The centerpiece of the text is the Holy Spirit and though Mark rarely says another thing about the Holy Spirit in his Gospel, he begins he Gospel with the confirmation that Jesus is not only baptized (immersed) in the Holy Spirit but, more so, Jesus is the one who will baptize with the Holy Spirit. Later in this context, Jesus is the one who is “cast out” by the Holy Spirit into the second desert of our text.

On one side of Holy Spirit is John and on the other Jesus. And though Jesus is certainly more important, John gets some attention in the text. Later in chapter five of the Gospel, Mark  gives an extended account of John’s martyrdom but that story belongs to another time.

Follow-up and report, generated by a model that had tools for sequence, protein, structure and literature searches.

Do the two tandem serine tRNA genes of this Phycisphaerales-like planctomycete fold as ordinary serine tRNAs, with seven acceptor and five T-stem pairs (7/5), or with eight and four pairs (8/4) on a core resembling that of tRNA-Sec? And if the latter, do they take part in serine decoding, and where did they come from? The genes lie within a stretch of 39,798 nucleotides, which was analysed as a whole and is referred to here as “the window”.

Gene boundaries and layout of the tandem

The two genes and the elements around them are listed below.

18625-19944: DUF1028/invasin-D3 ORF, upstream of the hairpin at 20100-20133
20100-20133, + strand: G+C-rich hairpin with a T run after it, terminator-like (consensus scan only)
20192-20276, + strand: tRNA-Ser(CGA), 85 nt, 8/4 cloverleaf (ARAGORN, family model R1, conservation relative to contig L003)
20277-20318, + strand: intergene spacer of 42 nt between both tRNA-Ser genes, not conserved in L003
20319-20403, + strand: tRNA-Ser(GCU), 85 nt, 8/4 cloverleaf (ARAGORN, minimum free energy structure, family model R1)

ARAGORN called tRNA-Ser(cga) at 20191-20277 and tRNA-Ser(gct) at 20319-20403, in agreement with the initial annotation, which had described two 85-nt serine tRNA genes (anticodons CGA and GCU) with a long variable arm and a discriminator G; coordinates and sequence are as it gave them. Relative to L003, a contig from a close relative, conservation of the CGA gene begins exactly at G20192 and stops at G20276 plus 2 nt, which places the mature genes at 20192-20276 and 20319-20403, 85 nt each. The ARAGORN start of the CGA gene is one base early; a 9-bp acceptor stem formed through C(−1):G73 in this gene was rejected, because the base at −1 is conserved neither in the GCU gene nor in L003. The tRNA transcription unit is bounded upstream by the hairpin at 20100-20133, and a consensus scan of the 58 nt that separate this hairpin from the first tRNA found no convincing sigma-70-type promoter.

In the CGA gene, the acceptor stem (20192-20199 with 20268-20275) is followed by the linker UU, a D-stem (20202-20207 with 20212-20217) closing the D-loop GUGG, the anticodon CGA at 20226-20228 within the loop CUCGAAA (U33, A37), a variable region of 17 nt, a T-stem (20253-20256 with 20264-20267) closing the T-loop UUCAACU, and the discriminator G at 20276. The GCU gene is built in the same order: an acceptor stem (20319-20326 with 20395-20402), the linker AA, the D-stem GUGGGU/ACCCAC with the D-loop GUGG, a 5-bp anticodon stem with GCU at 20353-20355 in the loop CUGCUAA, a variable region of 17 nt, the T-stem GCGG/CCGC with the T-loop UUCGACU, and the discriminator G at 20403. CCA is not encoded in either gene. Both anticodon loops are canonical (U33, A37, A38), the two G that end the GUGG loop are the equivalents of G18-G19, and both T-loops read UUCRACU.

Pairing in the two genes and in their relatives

Back to our text. The NRSV quoted above states that John “appeared.” Not a bad way to translate the Greek “came” or “became” (ἐγένετο). In literary terms, Johns arrival is not unanticipated. Mark had previously quoted a blended text from Isaiah, Exodus, and Malachi to prepare the reader/listener for the one who would herald the way of the Lord as the voice in the wilderness (desert). Then John came in the wilderness . . . to prepare the way of the Lord.

John’s clothing and life style mark him out to be a prophet, or at least, someone claiming to be a prophet. He wore the same clothing that the ancient prophet Elijah had (2 Kings 1:8) and like prophets of old, he depended on what God provided for his food, locust and wild honey. But more exceptional than this clothing was his message.